ALPHA at CERN
“If we very slowly turn off the ‘walls,’ the magnetic confining field, [the antihydrogen atoms] eventually get out,” Fajans says. “If we do it slowly enough, even though the effects for gravity are subtle, there’ll be a tendency for them to fall downwards presumably, or upwards if things really are weird.” So far, the results aren’t precise enough to distinguish between falling up and falling down, but that’s merely a sign of how inherently difficult the experiment is.
However, there’s strong indirect evidence that antimatter behaves gravitationally like matter. According to the weak equivalence principle—a key part of the general theory of relativity [Albert Einstein]—the gravitational mass is precisely the same as inertial mass,. (The strong equivalence principle relates to the mathematical structure of gravitational theory.) Researchers have tested the weak equivalence principle to high precision for ordinary matter, using delicate balances capable of detecting tiny variations in gravitational attraction.
While we can’t yet make the same lab equipment out of anti-atoms to test the weak equivalence principle for antimatter, we know that protons and neutrons contain “virtual” pairs of quarks and antiquarks, which don’t have independent existence but contribute to the particles’ overall structure. As Fajans points out, “Different isotopes have different ratios of virtual antimatter particles, and it’s very well known that there are no anomalies there. If virtual antimatter particles gravitate differently, that would have been noticed in all of these experiments.”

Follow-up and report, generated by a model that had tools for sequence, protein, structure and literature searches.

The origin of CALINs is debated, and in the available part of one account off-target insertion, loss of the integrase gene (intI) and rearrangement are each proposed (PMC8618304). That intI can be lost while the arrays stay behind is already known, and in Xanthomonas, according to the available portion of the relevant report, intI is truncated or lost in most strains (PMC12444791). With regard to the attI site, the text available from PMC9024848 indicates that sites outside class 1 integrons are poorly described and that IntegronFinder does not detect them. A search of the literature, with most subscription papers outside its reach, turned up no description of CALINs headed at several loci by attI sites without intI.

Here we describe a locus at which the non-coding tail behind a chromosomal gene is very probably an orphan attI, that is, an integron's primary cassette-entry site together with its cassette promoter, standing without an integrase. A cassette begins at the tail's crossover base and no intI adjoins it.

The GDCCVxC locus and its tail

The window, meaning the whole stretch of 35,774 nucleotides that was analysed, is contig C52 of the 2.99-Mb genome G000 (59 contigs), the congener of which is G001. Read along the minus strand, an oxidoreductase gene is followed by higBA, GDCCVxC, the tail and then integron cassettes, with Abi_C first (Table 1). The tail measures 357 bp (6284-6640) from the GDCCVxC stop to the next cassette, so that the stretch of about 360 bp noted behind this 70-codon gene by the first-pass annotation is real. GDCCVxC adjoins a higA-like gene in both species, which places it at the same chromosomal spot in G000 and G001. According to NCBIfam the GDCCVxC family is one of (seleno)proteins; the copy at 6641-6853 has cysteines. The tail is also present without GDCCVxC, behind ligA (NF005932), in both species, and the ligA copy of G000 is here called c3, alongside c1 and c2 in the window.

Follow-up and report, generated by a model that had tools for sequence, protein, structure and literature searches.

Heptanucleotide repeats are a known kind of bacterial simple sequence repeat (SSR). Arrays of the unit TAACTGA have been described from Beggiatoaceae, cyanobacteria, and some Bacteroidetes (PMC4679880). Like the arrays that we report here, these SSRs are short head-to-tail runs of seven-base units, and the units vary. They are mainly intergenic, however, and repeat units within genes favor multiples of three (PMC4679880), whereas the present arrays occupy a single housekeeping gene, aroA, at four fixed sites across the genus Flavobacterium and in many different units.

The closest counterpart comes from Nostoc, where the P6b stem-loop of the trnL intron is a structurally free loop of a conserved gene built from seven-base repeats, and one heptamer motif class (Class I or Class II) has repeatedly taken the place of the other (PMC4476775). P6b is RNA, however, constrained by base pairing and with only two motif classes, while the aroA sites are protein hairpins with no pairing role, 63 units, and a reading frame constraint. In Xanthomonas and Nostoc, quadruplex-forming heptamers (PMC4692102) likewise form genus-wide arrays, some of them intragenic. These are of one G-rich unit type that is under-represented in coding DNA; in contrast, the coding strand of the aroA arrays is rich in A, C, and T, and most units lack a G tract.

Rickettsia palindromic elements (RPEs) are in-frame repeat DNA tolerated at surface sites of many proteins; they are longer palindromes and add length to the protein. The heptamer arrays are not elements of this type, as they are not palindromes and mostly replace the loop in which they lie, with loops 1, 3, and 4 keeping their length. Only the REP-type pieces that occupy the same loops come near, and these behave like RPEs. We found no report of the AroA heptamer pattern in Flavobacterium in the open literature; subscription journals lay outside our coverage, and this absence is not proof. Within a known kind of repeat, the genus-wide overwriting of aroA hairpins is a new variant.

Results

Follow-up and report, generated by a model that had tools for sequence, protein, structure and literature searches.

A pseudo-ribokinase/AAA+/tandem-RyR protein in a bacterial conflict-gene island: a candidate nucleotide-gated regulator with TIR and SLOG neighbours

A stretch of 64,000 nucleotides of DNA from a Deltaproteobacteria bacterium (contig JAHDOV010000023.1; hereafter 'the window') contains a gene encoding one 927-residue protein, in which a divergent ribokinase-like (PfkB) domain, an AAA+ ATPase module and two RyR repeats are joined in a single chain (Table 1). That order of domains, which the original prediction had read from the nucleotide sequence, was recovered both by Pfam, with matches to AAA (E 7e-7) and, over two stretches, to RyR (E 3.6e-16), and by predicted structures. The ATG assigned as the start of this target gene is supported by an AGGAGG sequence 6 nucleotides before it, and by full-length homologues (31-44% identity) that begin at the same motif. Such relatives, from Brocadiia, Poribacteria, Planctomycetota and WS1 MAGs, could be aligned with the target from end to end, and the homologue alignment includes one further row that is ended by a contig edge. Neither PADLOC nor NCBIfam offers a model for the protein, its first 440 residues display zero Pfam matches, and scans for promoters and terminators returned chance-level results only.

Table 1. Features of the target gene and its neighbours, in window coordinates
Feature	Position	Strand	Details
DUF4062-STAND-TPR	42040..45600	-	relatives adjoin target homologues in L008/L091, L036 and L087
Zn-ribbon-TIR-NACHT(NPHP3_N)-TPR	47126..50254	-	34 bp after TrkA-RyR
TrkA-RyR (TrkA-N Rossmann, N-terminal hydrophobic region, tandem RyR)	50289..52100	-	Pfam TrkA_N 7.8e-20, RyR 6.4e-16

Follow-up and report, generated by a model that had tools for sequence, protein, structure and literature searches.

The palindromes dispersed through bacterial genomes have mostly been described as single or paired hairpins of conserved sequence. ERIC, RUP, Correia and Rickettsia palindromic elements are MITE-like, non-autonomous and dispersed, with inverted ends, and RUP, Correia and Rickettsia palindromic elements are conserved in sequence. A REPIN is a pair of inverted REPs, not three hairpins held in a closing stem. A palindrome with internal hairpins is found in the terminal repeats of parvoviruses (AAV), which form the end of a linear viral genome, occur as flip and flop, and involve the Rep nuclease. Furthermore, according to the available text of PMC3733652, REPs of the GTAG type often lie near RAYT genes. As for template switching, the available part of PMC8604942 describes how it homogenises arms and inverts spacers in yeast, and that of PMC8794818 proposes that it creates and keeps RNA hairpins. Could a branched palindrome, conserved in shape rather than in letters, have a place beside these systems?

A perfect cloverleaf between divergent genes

There are also theoretical reasons to suspect gravity doesn’t work in reverse for antimatter. Raquel Ribeiro, a physicist at Case Western Reserve University, works on possible modifications to general relativity that could solve the riddle of cosmic acceleration. But Ribeiro doesn’t include antigravity antimatter, “because it leads to a number of physical violations of energy principles,” she says. While naively all it would take is turning mass from a positive into a negative number, the reality for stars and other astronomical bodies would be “some serious instabilities in the system.”
Theory is a good guide, but we still need experiments to see if our theories are right or if they need modification. In fact, theory is so far unable to solve one of the deepest mysteries in physics. “There simply isn’t enough antimatter in the universe,” says Fajans, “and there isn’t a universally accepted reason as to why matter in the universe predominates by such a large ratio over antimatter. The Big Bang should have created exactly equal amounts of matter and antimatter.”
That’s one reason why researchers will keep studying antimatter, and why some hold out hope for finding even small differences in the behavior of matter and antimatter. Maybe we won’t see antihydrogen falling up, but even a subtle deviation from expectations could open up a new world of possibilities. After all, that’s what the initial discovery of antimatter did.